Mortgage Observer

Citigroup and Others to Lend $1.45B to SL Green, as REIT Raises Cash for New Deals

388 Greenwich Street

The financial musical chairs at Citigroup’s Tribeca offices continue. The multinational financial services firm signed a contract in December to occupy and possibly buy two buildings, 388 and 390 Greenwich Street, which it already occupies. Now, the bank is also lending a whopping $1.45 billion to the current landlord, SL Green Realty, according to a report from Bloomberg News today.

That loan–which reportedly includes bundled funds from Barclays Plc, Wells Fargo and Bank of China—will be packaged into bonds set to hit the market next month. Read More

Lease Beat

Novus Partners Signs 200 Park Avenue Sublease

Met Life Building. (Credit: Tishman Speyer)

Novus Partners has signed a sublease from British bank Barclays at the MetLife Building at 200 Park Avenue, Commercial Observer has learned.

The financial data analytics business signed a short-term deal for an 18,375-square-foot portion of the 27th floor. The company will relocate from 130 East 59th Street on a deal through May 2017.  Read More

Lawsuits

Solow Sues Banks over Manipulation of Libor

solow_0

7 West 57th Street Realty Co., a real estate company controlled by Sheldon Solow, filed a lawsuit in federal court yesterday against Citibank, Bank of America, Barclays, JPMorgan and a number of other banks for allegedly conspiring to manipulate the London Interbank Offered Rate (Libor).

The complaint alleges the defendant banks’ conspiracy to manipulate Libor resulted in the seizure of Mr. Solow’s $450 million bond portfolio by Citibank. The portfolio was pledged as collateral for Libor denominated loans, the complaint says, and was comprised largely of high-grade municipal bonds. Subsequently, Solow was obligated to pay a $100 million judgment. Read More

Power Broker

Brooklyn Buzz: From Spike Lee to Etsy, C&W’s Glenn Markman Has BK Down

Glenn Markman.

Glenn Markman first began to pay attention to Brooklyn long before there was a Barclays Center to crystallize the borough’s rise.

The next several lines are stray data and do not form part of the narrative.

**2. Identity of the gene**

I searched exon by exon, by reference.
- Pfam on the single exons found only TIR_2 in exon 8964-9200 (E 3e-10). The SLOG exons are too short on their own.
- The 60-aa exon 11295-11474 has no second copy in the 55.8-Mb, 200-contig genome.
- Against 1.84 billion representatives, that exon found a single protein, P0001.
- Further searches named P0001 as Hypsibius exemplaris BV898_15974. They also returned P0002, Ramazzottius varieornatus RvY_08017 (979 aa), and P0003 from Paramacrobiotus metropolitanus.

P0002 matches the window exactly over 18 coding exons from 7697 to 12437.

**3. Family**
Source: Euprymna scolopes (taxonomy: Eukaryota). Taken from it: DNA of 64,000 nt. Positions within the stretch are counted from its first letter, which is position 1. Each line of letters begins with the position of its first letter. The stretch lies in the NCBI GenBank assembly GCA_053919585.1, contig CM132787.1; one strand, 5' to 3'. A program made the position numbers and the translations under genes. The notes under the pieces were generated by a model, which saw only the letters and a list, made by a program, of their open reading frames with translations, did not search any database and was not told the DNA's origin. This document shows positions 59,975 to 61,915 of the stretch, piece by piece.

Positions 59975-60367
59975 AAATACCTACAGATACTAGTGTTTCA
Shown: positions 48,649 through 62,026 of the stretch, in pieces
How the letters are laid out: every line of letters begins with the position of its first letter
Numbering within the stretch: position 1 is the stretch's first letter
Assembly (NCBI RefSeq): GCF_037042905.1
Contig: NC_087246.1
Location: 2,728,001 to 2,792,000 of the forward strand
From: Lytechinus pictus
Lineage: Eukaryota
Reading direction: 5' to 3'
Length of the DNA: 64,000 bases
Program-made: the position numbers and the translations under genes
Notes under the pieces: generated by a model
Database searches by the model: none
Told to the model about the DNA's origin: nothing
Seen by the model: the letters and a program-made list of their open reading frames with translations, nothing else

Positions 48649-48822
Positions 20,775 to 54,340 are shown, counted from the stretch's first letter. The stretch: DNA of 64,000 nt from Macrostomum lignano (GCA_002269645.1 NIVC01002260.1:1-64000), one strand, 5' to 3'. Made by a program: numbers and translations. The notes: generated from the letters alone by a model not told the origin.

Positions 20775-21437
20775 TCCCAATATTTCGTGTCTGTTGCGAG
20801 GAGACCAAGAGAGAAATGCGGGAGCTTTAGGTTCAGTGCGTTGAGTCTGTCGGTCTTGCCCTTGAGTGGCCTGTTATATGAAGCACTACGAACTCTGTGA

Like so many success stories in real estate, buying in early was key.

Having done deals in Brooklyn for 20 years, Mr. Markman by now is known as an expert in office leasing in the borough, though he is also prolific in Manhattan. From his résumé, there’s no mistaking his prominence as a Brooklyn dealmaker.

In 2008, he represented Spike Lee in finding a Dumbo office for the film director’s advertising company, Spike DDB.

Earlier this year, when the Brooklyn Nets decided to relocate the team’s executive offices from New Jersey to be closer to the new Barclays arena, Mr. Markman, who is a leasing executive at Cushman & Wakefield, led a C&W team that brought the Nets into 35,000 square feet at 15 MetroTech Center in Downtown Brooklyn. Read More

Mortgage Beat

MRC: Banks’ Increasing Willingness to Do Write-Downs Fuels Biz

Joshua Zegen.

Since February Madison Realty Capital has completed over $25 million of financing and note purchases, fueled in part by many banks’ increasing ability to take write-downs on existing debt. The transactions are spread over five note purchases and financing for properties located in Brooklyn, Queens and Manhattan according to the firm.

“Those $25 million of deals are a combination of new loans that we’ve made, bridge loans, and also we’ve bought a number of debt positions,” MRC co-founder and managing member Joshua Zegen told The Mortgage Observer. Read More

Lease of the Week

Risk Analyst Eurasia Group Calculates the Odds at 149 Fifth Avenue

149 Fifth Avenue. (Courtesy Property Shark)

When in 2006 the real estate investor Joseph Moinian bought the office building 475 Fifth Avenue in partnership with the firm Westbrook Partners, the Eurasia Group—a tenant in the building—saw it as an opportunity. The company had years left on its lease, but word quickly spread among tenants that Mr. Moinian was going to offer handsome buyouts to empty the building so he could gut renovate the skyscraper and re-lease it at sky-high rents.

Mr. Moinian’s strategy hardly seemed audacious at the time. The economy was hot, Manhattan rents were rising by the month and prime office space was in strong demand. Read More